Preserving Cheese with the Bandaging Method

Photo Credit: Instructables

Preserving Cheese with the Bandaging Method

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The Bandaging method is a more natural method and tend to appeal to cheesemakers who are not interested in preserving their cheese with colored wax.

What is the Bandaging Method?

Bandaging cheese involves wrapping the cheese in a cheesecloth bandage and then sealing it with a fat-based product such as lard. It can be relatively messy just like waxing is, but when it’s done correctly, it looks very neat in the end.

Bandaging Method also helps produce a better flavored cheese due to the molds that form around the bandage and also contribute to the aging of the cheese. It also allows cheese to breathe which wax or vacuum sealing doesn’t allow the cheese to do. That being said, with the extra air circulation, this method can tend to produce drier, flakier cheese, which is perfect for cheeses like Cheddar cheese, which that texture is sought after.

How to Bandage Your Cheese

  • First, you need to make sure that your cheese has been properly air dried for at least a week. You also need to sanitize the cheesecloth prior to bandaging the cheese.
  • When you’re ready to bandage your cheese, cut a top and bottom circle for your cheese from a normal cheesecloth. You should make the cut slightly bigger than the diameter of your cheese so that it hangs over the sides.
  • Cut lengths of the bandage that will cover the full diameter of the cheese. Like the previous cuts, you should cut a little wider than the cheese so that it hangs over the edges.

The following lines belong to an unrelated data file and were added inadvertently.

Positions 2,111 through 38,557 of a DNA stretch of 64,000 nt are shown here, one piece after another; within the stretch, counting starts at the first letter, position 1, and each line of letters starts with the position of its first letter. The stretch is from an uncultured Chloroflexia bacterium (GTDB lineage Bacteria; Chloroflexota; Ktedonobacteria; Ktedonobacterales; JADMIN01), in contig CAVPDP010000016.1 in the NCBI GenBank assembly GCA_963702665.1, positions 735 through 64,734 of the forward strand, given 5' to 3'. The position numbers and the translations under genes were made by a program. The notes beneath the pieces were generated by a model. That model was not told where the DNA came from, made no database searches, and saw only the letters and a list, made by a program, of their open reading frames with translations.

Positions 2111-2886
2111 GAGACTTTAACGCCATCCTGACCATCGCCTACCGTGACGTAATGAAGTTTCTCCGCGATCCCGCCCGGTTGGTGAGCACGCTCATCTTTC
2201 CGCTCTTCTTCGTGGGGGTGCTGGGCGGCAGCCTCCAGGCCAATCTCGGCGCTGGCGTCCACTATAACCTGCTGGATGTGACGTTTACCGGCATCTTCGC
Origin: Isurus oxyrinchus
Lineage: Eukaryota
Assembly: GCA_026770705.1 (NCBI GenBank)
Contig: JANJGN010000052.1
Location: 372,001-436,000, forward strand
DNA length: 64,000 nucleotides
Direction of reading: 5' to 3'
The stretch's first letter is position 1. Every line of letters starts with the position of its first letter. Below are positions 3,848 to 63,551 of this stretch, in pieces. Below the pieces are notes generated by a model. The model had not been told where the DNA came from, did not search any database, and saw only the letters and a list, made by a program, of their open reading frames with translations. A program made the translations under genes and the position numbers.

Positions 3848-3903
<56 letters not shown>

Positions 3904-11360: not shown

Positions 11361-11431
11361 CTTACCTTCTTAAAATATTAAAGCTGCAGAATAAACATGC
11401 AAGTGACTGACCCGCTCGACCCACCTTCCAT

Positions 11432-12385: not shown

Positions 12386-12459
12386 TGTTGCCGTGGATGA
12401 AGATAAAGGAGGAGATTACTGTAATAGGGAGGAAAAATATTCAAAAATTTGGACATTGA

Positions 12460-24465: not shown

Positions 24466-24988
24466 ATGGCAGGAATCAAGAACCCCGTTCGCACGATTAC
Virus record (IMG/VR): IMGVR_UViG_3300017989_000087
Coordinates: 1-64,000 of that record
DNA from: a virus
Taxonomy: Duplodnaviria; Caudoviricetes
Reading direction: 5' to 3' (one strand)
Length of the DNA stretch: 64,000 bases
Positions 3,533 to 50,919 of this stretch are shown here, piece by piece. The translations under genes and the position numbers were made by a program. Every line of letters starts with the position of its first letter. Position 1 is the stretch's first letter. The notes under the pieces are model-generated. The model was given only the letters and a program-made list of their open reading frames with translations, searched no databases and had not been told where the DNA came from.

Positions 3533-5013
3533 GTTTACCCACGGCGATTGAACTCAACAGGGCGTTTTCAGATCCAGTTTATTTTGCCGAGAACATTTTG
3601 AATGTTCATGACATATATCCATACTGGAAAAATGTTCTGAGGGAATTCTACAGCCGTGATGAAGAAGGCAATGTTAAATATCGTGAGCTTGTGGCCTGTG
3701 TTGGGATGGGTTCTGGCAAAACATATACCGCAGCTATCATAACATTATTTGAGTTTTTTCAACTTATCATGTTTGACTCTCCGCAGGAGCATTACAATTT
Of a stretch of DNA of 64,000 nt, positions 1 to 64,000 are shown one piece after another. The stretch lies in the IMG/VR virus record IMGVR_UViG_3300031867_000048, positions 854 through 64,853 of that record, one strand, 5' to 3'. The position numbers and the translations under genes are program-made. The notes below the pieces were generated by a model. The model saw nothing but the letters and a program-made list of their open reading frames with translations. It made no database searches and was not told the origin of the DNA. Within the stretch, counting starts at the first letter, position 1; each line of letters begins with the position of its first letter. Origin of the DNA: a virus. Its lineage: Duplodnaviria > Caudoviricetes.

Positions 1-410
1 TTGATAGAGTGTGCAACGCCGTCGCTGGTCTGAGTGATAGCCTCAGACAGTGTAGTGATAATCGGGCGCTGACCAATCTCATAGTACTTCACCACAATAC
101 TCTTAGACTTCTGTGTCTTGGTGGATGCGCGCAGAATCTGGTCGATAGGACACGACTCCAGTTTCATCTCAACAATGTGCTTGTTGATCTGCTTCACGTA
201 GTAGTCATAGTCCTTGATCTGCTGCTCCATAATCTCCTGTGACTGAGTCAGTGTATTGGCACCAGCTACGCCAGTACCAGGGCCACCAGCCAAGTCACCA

• The goal is to overlap the bandages to make sure everything is properly sealed and there are no open edges.
  • There are a few different options for sealing your bandage cheese. You can use ghee, butter, or lard. Regardless of what you’re using, just make sure that it’s soft and spreadable.
  • Especially when using lard, it’s beneficial to heat it first until it’s fully clear to kill off any bacteria. Allow it to cool before using it to bandage the cheese.
  • Once the fat is heated, drop the bandages into it to soak up some of the fat.
  • Take the circle of bandage, wipe off any excess and apply it to the top of the cheese. Using a butter knife, spread out the layer of lard over all the areas of the bandage from the middle out. It’s important to make sure there aren’t any spots missed during this step.
  • Turn your cheese over and put the other side of cloth over the cheese. Add another layer of fat of the cheesecloth.
  • Put your cheese into a cheese press for 1 hour at about 60 lbs. The press will help the fat bandage and get into any cavities in the cheese.
  • Once the cheese has been pressed, apply the side bandage around the edge of the cheese and press down the overhang so it now overlaps with the top and bottom bandages.
  • Press again for 1 hour at 60 lbs.
  • Leave the cheese overnight and repeat the same process above with a second layer of bandage. The second layer will help ensure that you do in fact have a great seal on your cheese.

Molds on Bandaged Cheese

Over time, mold will form on the bandage cheese, but should dry up in a short amount of time. They can definitely leave a very interesting and colorful looking covering your cheese.

You don’t have to worry about the molds effecting the cheese internally though because the fat will protect any bacteria from getting inside as long as you properly covered your cheese.

Although the Bandaging Method can seem a little daunting at first, once you do it a couple of times, you’ll realize how easy it really is.

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